Circuit. (Pet’r’s Mem. at 5-6.)
In his initial petition, Chen wrote “I have cases sa[ying]
[the] victims are only the financial institutions and if any
person suffers a temporary loss and [i]s reimbursed by the
banks, they are not the victims.
The case[s] are from [the]
2nd, 5th, 6th Circuit[s].” (Id. at 5.)
Chen claims that he
showed Mulligan these cases, “including 2nd Circuit decision[s],
and she said I am wrong.” (Id. at 6.)
The Government in its
response claims that during plea negotiations, Mulligan, at
Chen’s express request, brought to the Government’s attention
United States v. Stubblefield, 682 F.3d 502 (6th Cir. 2012) and
the Government advised Mulligan that “Stubblefield has never
been cited in this District or Circuit and is not the law in
this Circuit.” (Resp’t Mem. in Opp’n at 14.)
further states that the parties agreed, after thorough
negotiations, that there were “well over 10 victims in this
Chen asserts that if Mulligan discussed only Stubblefield
with the Government, she “aband[on]ed” him and was
“ineffective.” (Pet’r’s Reply Mem. at 3.)
Chen also states that
he only agreed to the victim stipulation because “his first
language is Chinese” and he “depended heavily on his counsel[’s]
Had he known Mulligan had not raised the Second
Circuit cases, he “w[ould] never [have] agree[d] to the 2 points
enhancement.” (Id. at 25.)
Acknowledging that Chen’s first language is Chinese and
that he moves as a pro se litigant, this Court interprets his
arguments liberally, to raise the strongest arguments that they
suggest. See Triestman v. Fed. Bureau of Prisons, 470 F.3d 471,
474 (2d Cir. 2006) (per curiam).
A federal prisoner may challenge his sentence if it was
“imposed in violation of the Constitution or laws of the United
States.” 28 U.S.C. § 2255(a).
The Sixth Amendment assures
criminal defendants the right to effective assistance of
counsel, thus ineffective assistance is a constitutional basis
for relief under § 2255. See Morales v. United States, 635 F.3d
39, 43 (2d Cir. 2011).
Demonstrating ineffective assistance of
counsel requires the Petitioner to satisfy the two-prong test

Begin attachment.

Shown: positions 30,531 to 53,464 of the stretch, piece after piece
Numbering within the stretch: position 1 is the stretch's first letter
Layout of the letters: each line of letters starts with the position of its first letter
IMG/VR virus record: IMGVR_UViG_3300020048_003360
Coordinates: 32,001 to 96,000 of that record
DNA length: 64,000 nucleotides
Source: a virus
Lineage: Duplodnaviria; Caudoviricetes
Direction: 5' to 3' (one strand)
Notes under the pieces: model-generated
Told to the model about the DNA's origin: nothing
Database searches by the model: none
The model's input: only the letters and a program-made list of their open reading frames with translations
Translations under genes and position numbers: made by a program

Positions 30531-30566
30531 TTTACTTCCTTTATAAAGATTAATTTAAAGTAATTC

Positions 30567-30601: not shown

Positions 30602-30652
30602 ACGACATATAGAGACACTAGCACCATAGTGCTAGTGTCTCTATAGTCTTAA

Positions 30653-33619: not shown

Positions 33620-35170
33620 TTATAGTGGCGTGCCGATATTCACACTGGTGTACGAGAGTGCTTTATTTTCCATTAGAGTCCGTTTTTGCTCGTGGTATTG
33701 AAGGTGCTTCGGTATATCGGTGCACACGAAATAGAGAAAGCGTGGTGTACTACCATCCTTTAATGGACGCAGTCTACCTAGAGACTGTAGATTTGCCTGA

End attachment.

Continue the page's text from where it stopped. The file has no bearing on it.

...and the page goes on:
established in Strickland v. Washington, 466 U.S. 668 (1984).
Under Strickland, the petitioner must first demonstrate that his
counsel’s assistance fell below an objective standard of
reasonableness. 466 U.S. at 687-88.
Mindful of a wide range of
reasonableness, the standard is measured under prevailing
professional norms. Id. at 687-688.
Counsel have basic duties
under Strickland, however these duties are not part of a
checklist, and the court must engage in a deferential analysis
of the totality of the circumstances. Id. at 688.
petitioner must overcome a “strong presumption” of
reasonableness. Id. at 689.
The Strickland test also applies
when petitioners accept plea agreements instead of going to
trial. See Hill v. Lockhart, 474 U.S. 52, 58-59 (1985).
The petitioner must also show that his counsel’s inadequate
assistance prejudiced the defense. Strickland, 466 U.S. at 687.
To prove prejudice, the petitioner must show that there is a
reasonable probability that, but for his counsel’s performance,
the result of the proceeding would have been different. Id. at
“Reasonable probability” means “a probability sufficient
to undermine confidence in the outcome.” Id.
When challenging a
plea agreement, “the defendant must show that there is a
reasonable probability that, but for counsel’s errors, he would
not have pleaded guilty and would have insisted on going to
trial.” Hill, 474 U.S. at 59.
Waiver of Rights
A defendant may waive his right to collaterally challenge
his sentence in his plea agreement if he waives it knowingly and
voluntarily. See United States v. Monzon, 359 F.3d 110, 116 (2d
During the plea hearing, Chen represented to this
Court that Mulligan had explained the Plea Agreement to him,
that they had discussed it, and that he had signed it freely and